Posts Tagged ‘christmas’
In London this morning, on my way to the supermarket – a five-minute cycle ride – I spotted so many pretty festive wreaths.
Grr, blurry above. I just can’t tell when the stupid viewfinderless camera isn’t focusing where I want it to.
There’s a fine selection of wreaths at Not on the High Street. Too late for this Christmas, of course, but plenty of ideas there for do-it-yourself wreaths for next year, if you’re that way inclined.
And there is a link to how to make a felted ball wreath rather nicer than those being sold online, on the Pickles website, which you can read about it an old post.
This last one reminds me of one I used to have. But on my door this year is a very simple, cheap wreath from Sainsbury’s because last year, on Christmas Eve, ours was stolen. At least at Spring Cottage, that’s not so likely to happen. At least I hope not, so here it is – made from holly and berries from the garden.
Postscript: it turns out that I’m not the only one with a thing for wreaths at this time of year. There are some lovely ones over at Charlotte’s Plot as well.
This is my favourite week of the year – between Christmas and New Year, before everything cranks up to full pitch again. Nothing coming into my inbox. Time to do mending and baking. Children where they ‘should’ be – asleep in their beds. Daily life muted. I feel like I want time to stand still. I don’t really – I’d get cabin fever and be bored, restless and irritable. But for the moment, this quiet is wonderful. Savouring how great life is, how lucky I am, is wonderful. So I’m preserving it here.
It always takes me ages to decorate the tree, as it involves a trip back through Christmas memories. We have many ornaments that were my parents’, including a couple of bent and yellowing wax candles in clip-on holders that must date from the early sixties (the last time they were brave enough to have real candles on the tree). I can remember this vaguely – the tree looking enormous from my perspective as a tiny girl. A candle snuffer sellotaped to a long pole so that they could be put out added to the excitement. And the smell of warming pine needles.
I only use a few of our really ancient decorations but have to feel them and look at them all every year, so getting on with the tree takes far longer than it should.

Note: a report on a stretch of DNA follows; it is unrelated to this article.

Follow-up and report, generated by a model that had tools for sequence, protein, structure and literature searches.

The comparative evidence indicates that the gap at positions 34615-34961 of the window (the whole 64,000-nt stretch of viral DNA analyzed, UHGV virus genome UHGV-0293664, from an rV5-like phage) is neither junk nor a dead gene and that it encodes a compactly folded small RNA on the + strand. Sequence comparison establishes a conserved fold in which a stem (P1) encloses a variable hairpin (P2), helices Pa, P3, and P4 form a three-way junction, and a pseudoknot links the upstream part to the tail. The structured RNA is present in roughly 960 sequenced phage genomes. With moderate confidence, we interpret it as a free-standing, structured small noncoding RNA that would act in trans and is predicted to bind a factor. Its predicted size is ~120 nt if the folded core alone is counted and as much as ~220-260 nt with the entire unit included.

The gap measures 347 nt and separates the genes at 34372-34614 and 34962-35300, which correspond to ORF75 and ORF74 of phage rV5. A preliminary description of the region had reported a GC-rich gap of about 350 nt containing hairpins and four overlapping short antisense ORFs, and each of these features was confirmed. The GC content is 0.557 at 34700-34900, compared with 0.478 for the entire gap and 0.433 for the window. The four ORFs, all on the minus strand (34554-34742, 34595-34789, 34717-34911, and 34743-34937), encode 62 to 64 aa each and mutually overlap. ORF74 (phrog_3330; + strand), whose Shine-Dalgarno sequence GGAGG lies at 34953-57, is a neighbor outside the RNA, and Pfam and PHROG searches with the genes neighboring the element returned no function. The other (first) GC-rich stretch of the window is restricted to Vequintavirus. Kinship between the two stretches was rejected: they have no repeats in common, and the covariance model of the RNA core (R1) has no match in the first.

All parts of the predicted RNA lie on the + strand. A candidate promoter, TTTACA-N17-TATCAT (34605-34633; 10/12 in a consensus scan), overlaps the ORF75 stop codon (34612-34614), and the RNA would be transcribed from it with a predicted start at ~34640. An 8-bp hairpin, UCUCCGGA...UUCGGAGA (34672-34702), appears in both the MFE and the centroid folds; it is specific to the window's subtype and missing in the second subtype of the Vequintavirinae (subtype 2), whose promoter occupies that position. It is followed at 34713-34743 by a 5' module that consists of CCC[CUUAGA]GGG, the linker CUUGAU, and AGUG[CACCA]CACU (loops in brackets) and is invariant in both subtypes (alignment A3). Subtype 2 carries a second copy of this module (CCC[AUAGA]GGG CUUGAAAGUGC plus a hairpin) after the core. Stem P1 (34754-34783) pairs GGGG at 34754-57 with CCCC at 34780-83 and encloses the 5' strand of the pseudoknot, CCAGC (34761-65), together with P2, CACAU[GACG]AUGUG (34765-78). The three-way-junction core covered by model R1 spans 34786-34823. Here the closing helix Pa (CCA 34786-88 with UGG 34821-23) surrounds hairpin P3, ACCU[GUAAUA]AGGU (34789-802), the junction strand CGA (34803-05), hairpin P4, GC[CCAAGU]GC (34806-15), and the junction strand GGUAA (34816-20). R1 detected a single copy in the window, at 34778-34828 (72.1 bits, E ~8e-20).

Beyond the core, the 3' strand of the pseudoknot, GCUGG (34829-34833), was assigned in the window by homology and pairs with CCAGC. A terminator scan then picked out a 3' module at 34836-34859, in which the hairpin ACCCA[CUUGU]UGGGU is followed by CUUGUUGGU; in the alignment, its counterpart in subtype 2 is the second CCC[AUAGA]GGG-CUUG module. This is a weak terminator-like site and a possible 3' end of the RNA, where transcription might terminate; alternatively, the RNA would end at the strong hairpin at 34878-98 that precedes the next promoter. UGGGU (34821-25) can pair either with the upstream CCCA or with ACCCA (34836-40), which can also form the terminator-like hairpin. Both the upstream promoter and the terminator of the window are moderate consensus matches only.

Then there is all the tissue paper that the baubles are wrapped in. I threw some of it away this year as it really was in shreds. But for me, there is a special magic connection in knowing that some of it was first used by my mother to wrap these silvery balls, as she has been dead these 34 years.
There are new things too like this huge fox; the brainchild of my daughter when she was around ten. And so we move on into the future.
This year’s bumper crop of berries in the hedgerows meant that I picked loads of blackberries and sloes to preserve. I’ve made sloe gin and vodka, as well as blackberry jam. I was rather random about how much sugar I added, rather than dedicatedly following a recipe this year, so we will see how it all works out. Or not. Some of it is going as Christmas gifts, and people may be too polite to tell me if it’s revolting…
Bottles from Lakeland.
Cheap gin and vodka from wherever.
Strain through muslin. (Just worked out why it’s also known as cheesecloth. Duh.)
Here are some other blogposts about doing this:
- Sloe Gin Specials (valetales.wordpress.com)
- Homemade Sloe Gin (talesfromthefarm.wordpress.com)
- Sloe Gin & Sloe Vodka (jamesbonfieldrecipes.wordpress.com)
- Sloe Train (fifesmallholder.wordpress.com)
- Sloe progress (decoratorsnotebook.wordpress.com)
I’ve finally got around to ordering the curtains that I wrote about almost nine months ago. I’ve gone for this:
which will look very nice – actually a lot bluer and brighter than the picture makes it appear – with the other things in the living room. But now the fabric is out of stock. As it comes from France, where they’re on holiday for the whole of August, it will be ages until they are made and finally arrive. Typical. Now that I’ve made up my mind, I want them immediately! I’ve ordered them from Tinsmiths in Herefordshire, which is a wonderful source of beautiful household objects and natural fabrics.
While I’m on the subject of opportunities for financial leakage, I came across Cox and Cox this week, who have a nice range of gift wrapping materials, amongst other things. Thanks to a certain London department store, I have already been reminded that Christmas is just around the corner (doesn’t life feel it’s passing quickly enough, as it is? Really!), so this discovery is quite appropriate. I love having wrapping paper that stands out from the crowd and this rather Scandinavian design, which also evokes the herds of red deer close to Spring Cottage, is making my ‘order now’ finger itch.
I have just found this wonderful wreath to make; completely unique in its design and wholly frustrating to find it now, after Christmas. But actually, this is the best time to find this because I’ve got almost a whole year to make it!
There are so many wonderful projects on the Pickles website, that I can barely contain myself. My work basket is already overflowing with half finished things, but that doesn’t stop me dreaming about having the time to do all the things I’d like to make. I’m going to be working fewer days soon, so I hope I will have time to get down to all kinds of practical things, including throwing pots again. But more of that, once I’ve actually achieved something!